News

Where is Africa in the Australian media?


23 September 2010

Thomas Mukoya will share his trials and triumphs of telling African stories in the global media.
Thomas Mukoya will share his trials and triumphs of telling African stories in the global media.

Is there Africa-fatigue among western media with regard to African stories of war and conflict? And how does a photojournalist strive to maintain the dignity of his subjects while knowing that heart-rending pictures are the ones that the media want?

Thomas Mukoya, a prominent photojournalist in Africa, has extensive experience photographing Africa's humanitarian crises and the lives that have been blown apart by conflict and insurrection. He deals with ethical issues such as these on a regular basis.

In a moderated discussion with Joel Negin, lecturer in international public health at the University of Sydney, Mukoya will share his experiences in the trials and triumphs of telling African stories in the global media.

"In general there are not many African stories told in the Australian media," explains Negin, "and generally the stories that are told are stories of violence and corruption, very negative stories, or sometimes animal interest stories."

"I think there's a lot more to be told about Africa that could be examined in the Australian media."

In a media landscape that is becoming increasingly indifferent to African news stories, Mukoya is faced with the challenge of tailoring stories for both local East African and western audiences, as well as finding an interest for more positive news stories from the region.

His presentation, titled Telling African Stories in the Media, is part of the Sydney Ideas public lecture series and is co-presented with Australia for UNHCR. It will feature an introduction by the organisation's National Director, Naomi Steer.

Currently in the role of Pictures Editor for East Africa at Thomson Reuters, the world's largest international news agency, Mukoya is also the Secretary of the Photojournalists' Association of Kenya (PAK), as well as working extensively with humanitarian organisations such as MSF, UNICEF, UNHCR and Australia for UNHCR.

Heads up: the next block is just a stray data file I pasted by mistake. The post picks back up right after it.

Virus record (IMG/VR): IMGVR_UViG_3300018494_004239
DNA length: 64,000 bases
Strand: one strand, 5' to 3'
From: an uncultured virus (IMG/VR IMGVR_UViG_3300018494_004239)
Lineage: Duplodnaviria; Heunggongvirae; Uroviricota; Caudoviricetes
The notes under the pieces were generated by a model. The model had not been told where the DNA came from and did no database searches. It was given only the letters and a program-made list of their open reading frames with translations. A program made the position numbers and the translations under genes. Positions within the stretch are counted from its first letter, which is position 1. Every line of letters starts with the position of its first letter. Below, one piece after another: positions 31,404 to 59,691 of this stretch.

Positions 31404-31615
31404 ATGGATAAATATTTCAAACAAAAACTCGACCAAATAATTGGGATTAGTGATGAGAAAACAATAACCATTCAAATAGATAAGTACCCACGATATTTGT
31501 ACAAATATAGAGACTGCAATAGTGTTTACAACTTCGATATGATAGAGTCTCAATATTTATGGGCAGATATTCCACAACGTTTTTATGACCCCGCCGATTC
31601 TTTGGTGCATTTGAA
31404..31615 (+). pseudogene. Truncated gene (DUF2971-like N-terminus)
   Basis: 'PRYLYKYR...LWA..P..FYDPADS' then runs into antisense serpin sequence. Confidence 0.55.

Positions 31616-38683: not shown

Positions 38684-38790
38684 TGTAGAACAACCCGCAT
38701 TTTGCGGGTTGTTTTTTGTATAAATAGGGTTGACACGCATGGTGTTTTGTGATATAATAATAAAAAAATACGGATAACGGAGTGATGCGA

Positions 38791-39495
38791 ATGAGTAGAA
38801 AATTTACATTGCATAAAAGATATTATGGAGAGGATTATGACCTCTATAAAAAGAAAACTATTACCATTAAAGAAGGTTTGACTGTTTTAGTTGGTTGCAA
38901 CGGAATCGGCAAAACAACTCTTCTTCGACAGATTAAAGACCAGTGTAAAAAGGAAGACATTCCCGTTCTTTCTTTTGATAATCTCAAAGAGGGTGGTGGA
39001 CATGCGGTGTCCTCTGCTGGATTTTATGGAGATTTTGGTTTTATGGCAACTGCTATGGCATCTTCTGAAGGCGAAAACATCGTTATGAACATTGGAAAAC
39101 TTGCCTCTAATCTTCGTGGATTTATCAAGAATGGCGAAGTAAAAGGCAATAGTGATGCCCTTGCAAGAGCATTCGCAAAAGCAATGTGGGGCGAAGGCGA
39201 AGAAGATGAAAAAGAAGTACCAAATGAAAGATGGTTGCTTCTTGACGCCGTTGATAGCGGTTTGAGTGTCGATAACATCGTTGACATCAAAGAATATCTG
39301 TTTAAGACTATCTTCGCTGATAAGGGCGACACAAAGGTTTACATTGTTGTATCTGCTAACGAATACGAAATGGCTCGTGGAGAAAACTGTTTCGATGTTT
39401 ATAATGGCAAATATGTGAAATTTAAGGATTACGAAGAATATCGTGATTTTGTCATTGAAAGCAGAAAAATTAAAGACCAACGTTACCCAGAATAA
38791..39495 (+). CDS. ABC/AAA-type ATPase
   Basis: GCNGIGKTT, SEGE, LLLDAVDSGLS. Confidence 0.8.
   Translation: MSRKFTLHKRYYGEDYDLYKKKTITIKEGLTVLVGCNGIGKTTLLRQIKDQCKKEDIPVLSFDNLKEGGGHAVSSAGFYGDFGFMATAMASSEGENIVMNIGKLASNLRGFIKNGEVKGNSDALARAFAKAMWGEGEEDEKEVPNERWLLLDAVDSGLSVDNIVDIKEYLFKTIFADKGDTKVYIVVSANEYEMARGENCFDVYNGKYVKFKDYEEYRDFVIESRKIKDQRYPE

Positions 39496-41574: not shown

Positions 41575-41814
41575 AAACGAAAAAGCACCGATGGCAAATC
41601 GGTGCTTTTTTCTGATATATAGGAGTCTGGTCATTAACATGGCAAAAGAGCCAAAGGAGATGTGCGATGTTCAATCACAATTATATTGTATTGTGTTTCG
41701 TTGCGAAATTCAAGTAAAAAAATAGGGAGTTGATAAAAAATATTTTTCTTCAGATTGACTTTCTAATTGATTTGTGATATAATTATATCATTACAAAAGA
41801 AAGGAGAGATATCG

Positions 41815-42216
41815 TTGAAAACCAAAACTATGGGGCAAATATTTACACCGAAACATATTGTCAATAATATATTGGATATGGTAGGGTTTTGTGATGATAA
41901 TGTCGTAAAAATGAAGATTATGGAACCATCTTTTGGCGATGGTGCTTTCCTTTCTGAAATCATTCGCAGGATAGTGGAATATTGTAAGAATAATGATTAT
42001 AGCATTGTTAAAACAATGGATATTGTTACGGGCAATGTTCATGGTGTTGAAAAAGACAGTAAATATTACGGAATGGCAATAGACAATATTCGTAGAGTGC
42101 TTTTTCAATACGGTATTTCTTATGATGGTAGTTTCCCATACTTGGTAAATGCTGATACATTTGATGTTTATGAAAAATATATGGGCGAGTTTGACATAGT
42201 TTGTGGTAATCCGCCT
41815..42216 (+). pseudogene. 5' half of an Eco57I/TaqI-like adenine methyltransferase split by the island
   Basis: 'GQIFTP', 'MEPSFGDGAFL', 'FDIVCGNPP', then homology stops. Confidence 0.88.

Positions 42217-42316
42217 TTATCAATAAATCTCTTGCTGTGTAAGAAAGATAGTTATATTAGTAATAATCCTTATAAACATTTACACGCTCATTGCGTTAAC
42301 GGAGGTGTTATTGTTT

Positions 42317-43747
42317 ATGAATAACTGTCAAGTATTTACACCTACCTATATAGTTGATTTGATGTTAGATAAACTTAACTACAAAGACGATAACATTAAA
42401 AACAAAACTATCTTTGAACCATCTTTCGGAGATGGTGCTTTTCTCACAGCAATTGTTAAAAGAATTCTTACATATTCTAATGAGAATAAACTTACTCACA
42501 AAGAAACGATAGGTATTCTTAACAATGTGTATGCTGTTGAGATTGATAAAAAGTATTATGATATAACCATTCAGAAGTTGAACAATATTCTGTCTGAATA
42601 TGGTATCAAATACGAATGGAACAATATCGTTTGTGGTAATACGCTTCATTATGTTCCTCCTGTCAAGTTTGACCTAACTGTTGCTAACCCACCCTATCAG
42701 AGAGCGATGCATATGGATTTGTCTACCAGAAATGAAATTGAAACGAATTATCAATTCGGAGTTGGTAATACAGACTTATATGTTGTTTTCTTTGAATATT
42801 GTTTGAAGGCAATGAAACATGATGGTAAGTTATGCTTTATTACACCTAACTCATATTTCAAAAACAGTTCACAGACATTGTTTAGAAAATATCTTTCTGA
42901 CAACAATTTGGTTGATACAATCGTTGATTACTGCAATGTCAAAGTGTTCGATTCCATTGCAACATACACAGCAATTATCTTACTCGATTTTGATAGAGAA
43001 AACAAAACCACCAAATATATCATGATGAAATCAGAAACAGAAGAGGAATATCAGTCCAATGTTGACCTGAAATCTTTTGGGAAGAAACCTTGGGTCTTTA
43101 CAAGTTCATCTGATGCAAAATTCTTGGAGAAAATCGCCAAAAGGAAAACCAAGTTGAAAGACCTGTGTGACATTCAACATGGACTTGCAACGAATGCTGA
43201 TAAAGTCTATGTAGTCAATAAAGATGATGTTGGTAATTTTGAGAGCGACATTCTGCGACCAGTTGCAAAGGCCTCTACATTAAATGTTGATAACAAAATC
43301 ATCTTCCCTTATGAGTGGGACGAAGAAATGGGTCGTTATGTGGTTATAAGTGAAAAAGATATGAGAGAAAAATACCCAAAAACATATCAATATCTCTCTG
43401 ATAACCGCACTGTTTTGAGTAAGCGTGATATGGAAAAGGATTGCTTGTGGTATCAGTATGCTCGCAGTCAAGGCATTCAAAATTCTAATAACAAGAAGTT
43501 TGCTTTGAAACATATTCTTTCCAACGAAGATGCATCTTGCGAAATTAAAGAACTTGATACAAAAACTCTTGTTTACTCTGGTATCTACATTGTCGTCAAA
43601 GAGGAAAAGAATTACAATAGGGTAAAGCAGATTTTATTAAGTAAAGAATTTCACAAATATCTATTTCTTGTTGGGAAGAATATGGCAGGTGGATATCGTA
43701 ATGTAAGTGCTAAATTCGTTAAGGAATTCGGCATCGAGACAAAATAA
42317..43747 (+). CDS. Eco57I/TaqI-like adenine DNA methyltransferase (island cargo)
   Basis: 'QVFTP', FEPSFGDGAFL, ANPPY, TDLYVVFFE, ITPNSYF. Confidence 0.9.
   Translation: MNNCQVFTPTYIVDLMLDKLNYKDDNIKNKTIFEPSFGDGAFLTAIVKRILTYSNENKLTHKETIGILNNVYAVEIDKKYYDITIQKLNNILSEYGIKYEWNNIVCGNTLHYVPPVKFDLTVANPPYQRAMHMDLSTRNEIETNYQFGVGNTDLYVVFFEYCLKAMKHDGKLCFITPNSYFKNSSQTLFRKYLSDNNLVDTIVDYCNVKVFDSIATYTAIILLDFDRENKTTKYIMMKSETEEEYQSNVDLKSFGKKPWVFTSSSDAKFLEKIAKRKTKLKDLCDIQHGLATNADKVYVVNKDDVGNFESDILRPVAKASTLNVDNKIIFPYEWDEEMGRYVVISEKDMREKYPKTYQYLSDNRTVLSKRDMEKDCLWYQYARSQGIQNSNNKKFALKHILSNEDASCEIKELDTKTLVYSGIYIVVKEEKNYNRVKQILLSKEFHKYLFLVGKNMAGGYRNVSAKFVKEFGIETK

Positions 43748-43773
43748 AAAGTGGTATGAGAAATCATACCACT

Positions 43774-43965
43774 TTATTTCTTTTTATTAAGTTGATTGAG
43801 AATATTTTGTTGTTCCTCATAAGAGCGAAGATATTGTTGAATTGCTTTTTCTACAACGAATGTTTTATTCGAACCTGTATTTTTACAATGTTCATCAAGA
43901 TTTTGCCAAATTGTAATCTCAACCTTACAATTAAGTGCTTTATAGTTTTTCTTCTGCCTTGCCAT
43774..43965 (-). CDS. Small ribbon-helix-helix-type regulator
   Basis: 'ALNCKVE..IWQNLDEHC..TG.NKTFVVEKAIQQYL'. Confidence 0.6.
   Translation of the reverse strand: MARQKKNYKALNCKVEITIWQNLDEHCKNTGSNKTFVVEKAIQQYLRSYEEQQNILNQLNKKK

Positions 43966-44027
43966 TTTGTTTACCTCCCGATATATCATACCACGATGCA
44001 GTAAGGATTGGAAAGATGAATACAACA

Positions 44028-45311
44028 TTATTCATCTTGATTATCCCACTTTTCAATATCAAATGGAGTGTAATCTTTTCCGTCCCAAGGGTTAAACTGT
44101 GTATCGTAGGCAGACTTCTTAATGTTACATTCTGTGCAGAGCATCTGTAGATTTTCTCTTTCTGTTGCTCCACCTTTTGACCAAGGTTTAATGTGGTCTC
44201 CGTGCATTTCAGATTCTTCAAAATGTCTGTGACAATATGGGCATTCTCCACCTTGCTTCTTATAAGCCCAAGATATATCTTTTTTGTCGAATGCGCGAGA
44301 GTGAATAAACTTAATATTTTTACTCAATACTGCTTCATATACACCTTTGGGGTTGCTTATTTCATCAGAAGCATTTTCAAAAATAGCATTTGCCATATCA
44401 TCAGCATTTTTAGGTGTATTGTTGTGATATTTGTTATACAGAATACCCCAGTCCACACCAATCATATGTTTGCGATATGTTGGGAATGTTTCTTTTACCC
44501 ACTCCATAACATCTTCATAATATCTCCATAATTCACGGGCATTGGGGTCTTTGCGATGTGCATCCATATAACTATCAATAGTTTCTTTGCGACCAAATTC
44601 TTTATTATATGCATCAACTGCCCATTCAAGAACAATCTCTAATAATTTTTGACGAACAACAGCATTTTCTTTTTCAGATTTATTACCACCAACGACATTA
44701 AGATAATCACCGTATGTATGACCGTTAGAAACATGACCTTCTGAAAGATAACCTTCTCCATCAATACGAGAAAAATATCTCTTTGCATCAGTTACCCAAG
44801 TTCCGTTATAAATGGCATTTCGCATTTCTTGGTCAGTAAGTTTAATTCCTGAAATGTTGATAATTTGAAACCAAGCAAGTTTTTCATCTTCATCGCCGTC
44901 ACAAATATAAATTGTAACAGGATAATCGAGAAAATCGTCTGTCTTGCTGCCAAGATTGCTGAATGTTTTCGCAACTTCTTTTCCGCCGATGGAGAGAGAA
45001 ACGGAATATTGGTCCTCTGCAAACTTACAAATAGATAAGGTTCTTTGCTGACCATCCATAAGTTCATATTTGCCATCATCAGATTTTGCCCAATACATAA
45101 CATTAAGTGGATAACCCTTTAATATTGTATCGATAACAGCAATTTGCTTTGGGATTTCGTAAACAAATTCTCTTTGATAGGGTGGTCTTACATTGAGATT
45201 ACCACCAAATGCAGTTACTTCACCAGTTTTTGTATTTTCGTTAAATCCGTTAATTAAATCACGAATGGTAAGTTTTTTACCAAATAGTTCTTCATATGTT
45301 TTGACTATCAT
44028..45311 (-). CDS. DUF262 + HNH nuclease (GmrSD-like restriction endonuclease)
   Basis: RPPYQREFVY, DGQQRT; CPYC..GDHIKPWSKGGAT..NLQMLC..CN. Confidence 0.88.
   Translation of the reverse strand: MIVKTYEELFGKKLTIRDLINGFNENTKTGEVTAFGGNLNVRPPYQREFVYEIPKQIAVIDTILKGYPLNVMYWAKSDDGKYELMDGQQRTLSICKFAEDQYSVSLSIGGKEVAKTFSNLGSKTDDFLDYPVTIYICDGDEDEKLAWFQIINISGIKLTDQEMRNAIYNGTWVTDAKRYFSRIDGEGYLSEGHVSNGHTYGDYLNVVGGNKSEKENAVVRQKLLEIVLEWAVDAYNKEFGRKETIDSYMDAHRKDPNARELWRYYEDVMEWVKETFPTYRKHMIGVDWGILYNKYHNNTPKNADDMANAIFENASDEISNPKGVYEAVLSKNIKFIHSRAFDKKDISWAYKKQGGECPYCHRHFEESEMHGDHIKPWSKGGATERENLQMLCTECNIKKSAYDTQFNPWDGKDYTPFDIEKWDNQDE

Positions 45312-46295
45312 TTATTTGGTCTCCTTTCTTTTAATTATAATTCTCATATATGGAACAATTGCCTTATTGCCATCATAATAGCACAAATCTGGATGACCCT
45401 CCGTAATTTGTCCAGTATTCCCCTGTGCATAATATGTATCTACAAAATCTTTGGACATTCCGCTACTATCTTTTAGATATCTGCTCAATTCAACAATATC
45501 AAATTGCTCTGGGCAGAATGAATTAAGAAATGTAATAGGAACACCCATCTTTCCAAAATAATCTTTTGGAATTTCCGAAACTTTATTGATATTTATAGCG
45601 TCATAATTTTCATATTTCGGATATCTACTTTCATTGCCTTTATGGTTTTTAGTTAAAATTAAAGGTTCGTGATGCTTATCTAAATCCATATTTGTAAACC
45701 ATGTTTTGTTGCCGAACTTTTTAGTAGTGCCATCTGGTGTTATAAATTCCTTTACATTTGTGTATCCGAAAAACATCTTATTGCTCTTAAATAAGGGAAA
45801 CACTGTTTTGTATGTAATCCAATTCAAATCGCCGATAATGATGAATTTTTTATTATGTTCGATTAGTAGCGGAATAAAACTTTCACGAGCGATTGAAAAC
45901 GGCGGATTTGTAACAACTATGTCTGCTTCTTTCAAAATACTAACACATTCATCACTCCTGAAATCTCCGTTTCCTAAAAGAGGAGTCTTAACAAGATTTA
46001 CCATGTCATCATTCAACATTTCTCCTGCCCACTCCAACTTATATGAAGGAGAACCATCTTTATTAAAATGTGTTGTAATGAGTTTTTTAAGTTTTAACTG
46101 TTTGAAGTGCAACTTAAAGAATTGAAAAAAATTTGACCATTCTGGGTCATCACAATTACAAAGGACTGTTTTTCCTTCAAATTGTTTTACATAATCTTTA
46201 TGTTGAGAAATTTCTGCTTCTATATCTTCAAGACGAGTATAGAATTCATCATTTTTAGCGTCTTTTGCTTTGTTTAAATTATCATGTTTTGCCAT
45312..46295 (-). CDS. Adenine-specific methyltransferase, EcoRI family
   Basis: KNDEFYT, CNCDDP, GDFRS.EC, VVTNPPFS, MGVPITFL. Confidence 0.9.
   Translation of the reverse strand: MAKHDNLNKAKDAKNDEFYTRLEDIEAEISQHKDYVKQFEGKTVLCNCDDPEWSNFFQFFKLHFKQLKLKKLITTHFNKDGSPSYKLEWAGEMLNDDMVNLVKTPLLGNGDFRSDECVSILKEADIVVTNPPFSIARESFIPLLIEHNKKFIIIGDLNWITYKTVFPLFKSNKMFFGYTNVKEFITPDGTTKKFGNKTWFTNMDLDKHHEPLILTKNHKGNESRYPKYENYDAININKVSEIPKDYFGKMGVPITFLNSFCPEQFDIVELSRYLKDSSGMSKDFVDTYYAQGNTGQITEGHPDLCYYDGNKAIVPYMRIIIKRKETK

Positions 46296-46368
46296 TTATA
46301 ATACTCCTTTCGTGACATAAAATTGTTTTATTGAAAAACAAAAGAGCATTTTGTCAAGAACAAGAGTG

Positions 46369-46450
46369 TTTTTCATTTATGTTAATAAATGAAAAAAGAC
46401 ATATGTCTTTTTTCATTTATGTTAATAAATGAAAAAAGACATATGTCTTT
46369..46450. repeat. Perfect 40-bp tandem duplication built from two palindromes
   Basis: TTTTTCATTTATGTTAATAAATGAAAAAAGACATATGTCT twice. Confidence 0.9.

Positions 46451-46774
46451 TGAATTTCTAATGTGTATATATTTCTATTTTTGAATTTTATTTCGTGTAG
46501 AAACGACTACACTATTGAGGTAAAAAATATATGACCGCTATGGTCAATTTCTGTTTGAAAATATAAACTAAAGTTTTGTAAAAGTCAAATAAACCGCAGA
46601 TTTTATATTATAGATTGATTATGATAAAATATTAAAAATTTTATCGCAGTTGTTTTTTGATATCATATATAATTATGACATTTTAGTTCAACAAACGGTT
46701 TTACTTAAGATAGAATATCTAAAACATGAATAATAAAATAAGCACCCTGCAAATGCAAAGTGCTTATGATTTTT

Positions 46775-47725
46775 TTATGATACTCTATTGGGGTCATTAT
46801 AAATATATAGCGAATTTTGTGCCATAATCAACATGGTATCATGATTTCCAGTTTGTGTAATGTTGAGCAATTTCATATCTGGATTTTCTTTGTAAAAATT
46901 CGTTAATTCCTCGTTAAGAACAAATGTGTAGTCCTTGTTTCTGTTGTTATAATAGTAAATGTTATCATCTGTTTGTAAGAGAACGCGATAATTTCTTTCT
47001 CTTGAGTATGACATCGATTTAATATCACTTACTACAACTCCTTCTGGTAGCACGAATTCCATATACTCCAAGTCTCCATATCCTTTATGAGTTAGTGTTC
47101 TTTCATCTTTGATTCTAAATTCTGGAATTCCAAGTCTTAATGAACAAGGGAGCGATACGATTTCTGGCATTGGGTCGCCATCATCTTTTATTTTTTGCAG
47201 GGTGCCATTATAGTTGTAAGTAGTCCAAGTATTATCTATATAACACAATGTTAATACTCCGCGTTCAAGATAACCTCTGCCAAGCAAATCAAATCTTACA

"Thomas has covered the gamut of the best of Africa and some of the more challenging aspects, and I think that diversity will be really interesting to see how a reporter can respond to these challenges," says Negin.

"There is opportunity for greater thinking about what African stories are and how to tell them to Australian media who are not particularly savvy about African issues," he says.

Mukoya was part of the Reuters pictures team that covered the 2008 post-election violence in Kenya, as well as the 2010 FIFA World Cup in South Africa.

He has travelled widely across Africa, covering breaking news and feature stories from Kenya, Somalia, Sudan, Ethiopia, Tanzania, Rwanda, Comoros, Djibouti, Malawi and South Africa.


Event details

What: Telling African Stories in the Media - a moderated discussion with Thomas Mukoya for Sydney Ideas, the University of Sydney's international public lecture series, presented in association with Australia for UNHCR

When: 6.30pm, Monday 27 September

Where: Seymour Centre, corner of City Road and Cleveland Street, Chippendale

Cost: $20, concession $15. Free for University of Sydney staff, students and alumni (University ID or alumni card required)

Bookings: 9351 7940 or the Sydney Ideas website


Media enquiries: Sarah Stock, 9114 0748, 0419 278 715, sarah.stock@sydney.edu.au